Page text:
Tuesday, September 19, 2006

A Typical Day at Camp Slayer

Despite the impression some may have, my average day is quite ordinary. I wake to the alarm at about 0630, which gives me enough time to actually get up and start the day slowly. Some of you may know that I am not very sociable the first thing in the AM. Often I will grab the book I was reading last night and read a couple of pages or a chapter before actually getting up and pulling on (in this order): a tan tee-shirt, new tidy whities, my camouflage trousers with the large-buckled rigger’s belt I prefer, and my socks. It’s a good day if I have a clean pair of padded hiking socks available, but if not, any old pair plus my size ten-and-a-half boots will do.

The shit-shower-and-shave routine is the same as anywhere else, except I usually have 10 or so close neighbors in the bathroom with me. Back to the hootch to grab my pistol belt and camouflage blouse, and then to the Chow Hall for breakfast, which I rarely miss. The cook knows how I like my omelets so I usually just wave to him while I go to get my potatoes and English muffin. No bacon for me, because many of the staff are Muslim and I know they do not like dishing it out. By choice, I always eat breakfast alone and do not talk to anyone.

I have two options for walking to work, and I always make a very considered decision as to which one I will take. Route one I call “Lakeside,” where the road parallels a large catch basin to the west. It’s actually very pretty, and you can’t even see that the old Ba’ath Party Headquarters building is completely gutted from this angle. Route two I call the “Riverwalk” as it follows a small canal leading to Pirate’s Cove, the body of water off of which the palace is located. Usually, I end up taking the Riverwalk because you can almost always spot fish in the canal and it reminds me of going fishing with Jack, even though we have never caught anything except tadpoles. Often you can hear explosions or small arms fire early in the morning, but they are usually only EOD doing controlled detonations or range fire.

After checking in with the palace guard and the off-going shift, I normally attend to email. It’s ALWAYS good to come in and have a couple emails from home, and yes, I know that I am not always so good at answering them. Consider it your contribution to the war effort. I also check the blog for new postings or comments. I really enjoy the comments.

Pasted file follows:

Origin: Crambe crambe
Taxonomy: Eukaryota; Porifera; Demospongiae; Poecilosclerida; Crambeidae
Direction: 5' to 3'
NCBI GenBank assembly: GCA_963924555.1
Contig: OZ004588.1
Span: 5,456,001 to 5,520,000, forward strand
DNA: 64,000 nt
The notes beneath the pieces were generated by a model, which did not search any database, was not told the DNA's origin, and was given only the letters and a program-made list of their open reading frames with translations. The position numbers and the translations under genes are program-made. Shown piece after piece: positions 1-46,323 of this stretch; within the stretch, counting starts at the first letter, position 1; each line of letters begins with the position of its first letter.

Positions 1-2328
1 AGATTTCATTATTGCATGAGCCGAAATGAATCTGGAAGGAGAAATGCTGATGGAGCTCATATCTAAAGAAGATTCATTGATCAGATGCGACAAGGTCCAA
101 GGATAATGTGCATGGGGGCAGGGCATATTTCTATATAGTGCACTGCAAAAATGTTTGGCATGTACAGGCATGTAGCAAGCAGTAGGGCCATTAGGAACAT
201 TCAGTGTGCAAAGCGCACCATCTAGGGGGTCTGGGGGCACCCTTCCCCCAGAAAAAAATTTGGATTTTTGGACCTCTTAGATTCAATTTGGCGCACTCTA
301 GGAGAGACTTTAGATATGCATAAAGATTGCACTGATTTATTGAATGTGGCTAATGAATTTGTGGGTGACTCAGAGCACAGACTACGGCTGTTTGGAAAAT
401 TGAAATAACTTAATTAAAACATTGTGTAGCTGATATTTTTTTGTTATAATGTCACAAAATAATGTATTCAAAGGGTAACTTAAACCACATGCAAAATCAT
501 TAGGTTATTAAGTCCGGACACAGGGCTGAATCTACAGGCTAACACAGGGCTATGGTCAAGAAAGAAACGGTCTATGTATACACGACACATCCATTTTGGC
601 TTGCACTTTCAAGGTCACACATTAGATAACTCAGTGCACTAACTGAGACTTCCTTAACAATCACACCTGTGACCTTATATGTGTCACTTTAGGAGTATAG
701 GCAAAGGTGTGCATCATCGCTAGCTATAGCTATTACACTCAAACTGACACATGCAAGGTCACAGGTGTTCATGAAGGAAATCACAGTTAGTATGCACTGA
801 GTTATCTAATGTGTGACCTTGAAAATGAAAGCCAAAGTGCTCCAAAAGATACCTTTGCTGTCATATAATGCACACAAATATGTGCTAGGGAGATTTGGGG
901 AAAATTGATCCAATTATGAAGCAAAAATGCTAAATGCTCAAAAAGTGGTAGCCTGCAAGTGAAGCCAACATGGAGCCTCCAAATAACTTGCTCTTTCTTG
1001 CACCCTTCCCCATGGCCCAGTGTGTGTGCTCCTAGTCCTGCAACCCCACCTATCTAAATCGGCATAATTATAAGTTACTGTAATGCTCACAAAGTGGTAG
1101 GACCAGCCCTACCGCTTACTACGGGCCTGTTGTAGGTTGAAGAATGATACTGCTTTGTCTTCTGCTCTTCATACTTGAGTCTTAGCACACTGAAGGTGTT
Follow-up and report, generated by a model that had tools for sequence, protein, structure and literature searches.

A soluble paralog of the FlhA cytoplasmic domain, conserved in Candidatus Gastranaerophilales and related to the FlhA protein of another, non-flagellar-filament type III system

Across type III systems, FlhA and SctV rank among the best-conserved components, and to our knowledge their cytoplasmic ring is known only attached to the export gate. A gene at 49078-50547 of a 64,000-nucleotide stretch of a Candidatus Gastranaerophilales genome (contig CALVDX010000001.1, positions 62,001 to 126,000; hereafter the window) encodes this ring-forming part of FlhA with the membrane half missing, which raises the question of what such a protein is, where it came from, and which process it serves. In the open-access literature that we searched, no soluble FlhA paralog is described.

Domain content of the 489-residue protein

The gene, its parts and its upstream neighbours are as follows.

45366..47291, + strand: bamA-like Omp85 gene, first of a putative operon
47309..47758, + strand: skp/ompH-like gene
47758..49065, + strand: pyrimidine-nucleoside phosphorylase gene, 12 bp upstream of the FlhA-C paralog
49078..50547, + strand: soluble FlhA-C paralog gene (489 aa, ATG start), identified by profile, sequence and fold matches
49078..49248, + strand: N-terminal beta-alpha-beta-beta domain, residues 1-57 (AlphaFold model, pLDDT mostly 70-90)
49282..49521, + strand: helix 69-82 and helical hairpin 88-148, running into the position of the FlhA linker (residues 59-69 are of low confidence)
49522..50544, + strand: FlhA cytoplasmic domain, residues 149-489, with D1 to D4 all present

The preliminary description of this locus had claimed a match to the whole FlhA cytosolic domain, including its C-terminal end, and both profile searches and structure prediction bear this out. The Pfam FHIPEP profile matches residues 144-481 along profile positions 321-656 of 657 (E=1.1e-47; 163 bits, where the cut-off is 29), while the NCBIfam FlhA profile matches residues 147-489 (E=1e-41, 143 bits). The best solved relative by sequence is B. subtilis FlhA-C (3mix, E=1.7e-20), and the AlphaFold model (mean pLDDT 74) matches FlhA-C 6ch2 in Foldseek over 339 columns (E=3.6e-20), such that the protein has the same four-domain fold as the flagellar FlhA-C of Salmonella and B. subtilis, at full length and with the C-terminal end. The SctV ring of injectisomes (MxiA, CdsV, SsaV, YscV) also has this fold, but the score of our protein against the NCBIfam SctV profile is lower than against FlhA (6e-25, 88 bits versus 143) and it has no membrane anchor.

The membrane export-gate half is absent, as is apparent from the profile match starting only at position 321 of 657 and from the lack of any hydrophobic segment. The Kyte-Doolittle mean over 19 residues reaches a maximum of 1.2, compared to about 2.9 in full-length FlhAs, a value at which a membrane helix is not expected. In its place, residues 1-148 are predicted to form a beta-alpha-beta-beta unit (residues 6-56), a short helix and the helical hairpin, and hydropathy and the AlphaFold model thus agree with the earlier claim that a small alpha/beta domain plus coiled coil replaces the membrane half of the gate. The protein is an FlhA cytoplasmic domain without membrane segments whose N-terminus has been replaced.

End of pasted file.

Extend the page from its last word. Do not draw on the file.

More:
Unless there was some type of emergency the night before (power outage, server failure, whatever), I usually have time in the mornings to plan the rest of my day. I used to make a long list of things that I’d get done, but considering the fact that most of my day consists of responding to last-minute requests, fixing small emergencies, and making sure my guys (and girls) have what they need to actually do the work, I had to cut this list down to two things. For example, one might be to finish up a report that was due the next day, and another night be to diagram out the required circuits for a new unit moving in. I usually also try to fit in something more physical so the guys can see me out there working and also for the break from paperwork it affords. Yesterday the Facilities Manager and I crawled through the service spaces and over the roof to try and find the origin of a leak in my third floor server room (no luck). This afternoon I think we’re scheduled to stack sandbags.

I often skip lunch and go for a run. I prefer to run outside, but will refrain from doing so if it’s hotter than 110 F. Thankfully, the temperatures have been a little less than scorching lately. I prefer running the hill because it’s a great view of Baghdad, but running the lakes is a nice change of pace. I have a map in the office marked out with the different routes and the distance to the half-way point. After I get back, the rest of my afternoon is usually filled with meetings… staff meetings, projects meeting, VTCs for this or that – I usually don’t get much done. If we need to transport equipment somewhere I will check the convoy schedule or request space in a helo. And every Monday I dry-clean my pistol – because there’s so much dust in the air here, you only oil your weapon before you go outside the wire.